We now live in a world in which there appear to be few alternatives to a ravaging global capitalism a world in which existing authoritarian societies announce themselves as the only viable reality. Under such circumstances, it may appear that all that is left to choose from are competing fictions. This is an age dominated by dangerous narratives that are free of evidence, that bulge with misrepresentations, and that are adamant about destroying any semblance of not just truth, but morality, social responsibility and justice. For the Jackals, language, thinking, memory and civic values function like an autoimmune system threatening to weaken their power and modes of legitimation. As the boundaries of the unthinkable become normalized, language becomes emptied of meaning, filled with the blighted values of commercialization, the lure of the spectacle, and the ever-growing registers of corruption.

One consequence is that everything touched by rabble-rousing power becomes a performance and fodder for a mainstream media eager to increase their ratings. Discourses that invoke historical memory and take on the task of moral witnessing while interrogating the abuse of power are derided as fake news or dismissed as being irrelevant in light of the reigning assumption by those demagogues occupying the highest political offices arguing that democratic socialist society is no longer worth pursuing and that all that is left is illiberal "democracy" code for the suppression of political and civil liberties in return for authoritarian notions of security. This attack on democratic socialism appears to be more than a rhetorical flourish, especially since more and more members of the public are supportive of democratic socialist policies, especially as articulated by Bernie Sanders, who is arguing for affordable health care, an Economic Bill of Rights, a living wage, economic security, independence from the dictates of a market society, and a full-fledged attack on massive inequalities in wealth and power.

As the Trump administration makes clear, truth, justice and social responsibility have no place in the Age of Jackals. Power is written in the language of economics rather than ethics, justice and compassion. Language has been turned on its head to mean its opposite. "Freedom" now often signifies the freedom to hate, "work" now often means wage slavery. Individualism is now defined exclusively as a part of an ethos of ruthless competition, self-interest is the enemy of solidarity and compassion, and social atomization, bolstered by an emphasis on individual responsibility, is elevated to a virtue, all while "justice" is used to refer to legal illegalities. The Jackals want to break away from history not only by rewriting it in their own regressive interests, but also by erasing the haunting and lingering ghosts of a fascist politics to which they have sold their souls. Lies are no longer subtle, just as the violence waged against children and undocumented immigrants becomes a badge of honor for Trump and his cowardly and corrupt minions. State violence for the Jackals across the globe is the organizing principle of the societies they rule.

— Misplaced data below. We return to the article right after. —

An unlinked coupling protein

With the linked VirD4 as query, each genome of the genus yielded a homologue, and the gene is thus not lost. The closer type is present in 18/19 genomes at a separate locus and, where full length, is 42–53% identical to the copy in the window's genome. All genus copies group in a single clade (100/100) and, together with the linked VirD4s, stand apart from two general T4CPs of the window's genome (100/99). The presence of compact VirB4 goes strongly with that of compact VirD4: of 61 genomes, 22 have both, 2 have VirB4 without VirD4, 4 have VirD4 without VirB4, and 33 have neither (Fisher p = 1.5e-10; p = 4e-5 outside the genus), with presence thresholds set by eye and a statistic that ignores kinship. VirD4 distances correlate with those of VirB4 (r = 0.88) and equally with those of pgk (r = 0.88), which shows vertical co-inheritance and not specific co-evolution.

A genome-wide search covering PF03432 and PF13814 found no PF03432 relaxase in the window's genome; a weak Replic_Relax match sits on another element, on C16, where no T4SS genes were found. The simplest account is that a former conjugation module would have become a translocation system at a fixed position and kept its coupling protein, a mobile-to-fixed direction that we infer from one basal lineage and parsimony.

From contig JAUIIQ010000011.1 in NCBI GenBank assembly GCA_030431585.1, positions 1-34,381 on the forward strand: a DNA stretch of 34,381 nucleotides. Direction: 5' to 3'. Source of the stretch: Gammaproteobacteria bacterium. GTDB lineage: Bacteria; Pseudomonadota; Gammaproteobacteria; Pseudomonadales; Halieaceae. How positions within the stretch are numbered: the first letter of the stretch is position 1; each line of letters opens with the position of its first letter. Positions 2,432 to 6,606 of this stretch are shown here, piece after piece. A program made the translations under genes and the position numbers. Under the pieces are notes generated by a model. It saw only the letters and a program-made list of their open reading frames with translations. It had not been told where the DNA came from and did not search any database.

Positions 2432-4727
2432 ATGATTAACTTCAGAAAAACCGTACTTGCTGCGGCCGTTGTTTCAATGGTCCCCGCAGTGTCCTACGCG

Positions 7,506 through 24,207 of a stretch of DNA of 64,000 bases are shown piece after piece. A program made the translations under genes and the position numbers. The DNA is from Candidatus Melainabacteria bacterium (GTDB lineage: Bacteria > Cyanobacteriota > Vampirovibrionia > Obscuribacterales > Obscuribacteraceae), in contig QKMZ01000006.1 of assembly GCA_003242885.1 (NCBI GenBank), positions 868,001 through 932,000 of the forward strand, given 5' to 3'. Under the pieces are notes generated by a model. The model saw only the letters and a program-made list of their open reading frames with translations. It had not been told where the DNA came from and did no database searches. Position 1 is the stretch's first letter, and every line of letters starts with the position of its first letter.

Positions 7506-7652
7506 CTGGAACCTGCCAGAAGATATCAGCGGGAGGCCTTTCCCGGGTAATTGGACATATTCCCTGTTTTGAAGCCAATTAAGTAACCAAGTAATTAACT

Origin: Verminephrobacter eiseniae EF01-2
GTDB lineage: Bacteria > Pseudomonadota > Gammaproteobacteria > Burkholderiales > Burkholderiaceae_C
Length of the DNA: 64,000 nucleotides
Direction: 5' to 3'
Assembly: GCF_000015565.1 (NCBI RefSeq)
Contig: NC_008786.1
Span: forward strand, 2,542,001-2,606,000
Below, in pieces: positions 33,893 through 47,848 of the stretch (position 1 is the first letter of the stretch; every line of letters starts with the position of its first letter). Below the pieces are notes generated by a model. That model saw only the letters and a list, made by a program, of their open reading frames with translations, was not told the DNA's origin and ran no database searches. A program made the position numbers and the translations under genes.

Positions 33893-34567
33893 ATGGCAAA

The Jackals are drunk on greed and power and are willing to kill the planet and any vestige of decency and economic and social justice in order to gorge themselves on wealth. If anyone doubts that capitalism breeds iniquitous amounts of greed and wealth and that its endpoint is fascism, take into account the fact that three white men Jeff Bezos, Bill Gates and Warren Buffett have more wealth collectively than the bottom 50 percent of the population. Bear in mind that global power and wealth concentrated in few hands give rise not only to massive repression and misery, but also to unthinkable acts of violence and cruelty. Consider the consequences of neoliberal policies that operate according to the idea that economic and property rights are more important than human rights. Such policies refuse to recognize health care as a basic right that should be free, deny tuition-free college, obstruct laws for raising the minimum wage, and denounce necessary environmental reforms such as the Green New Deal. Meanwhile, these policies maintain massive degrees of inequality, as millions of Americans are forced to choose between food and health care, between paying their bills and medicine, as they work 80 hours a week simply to be able to survive.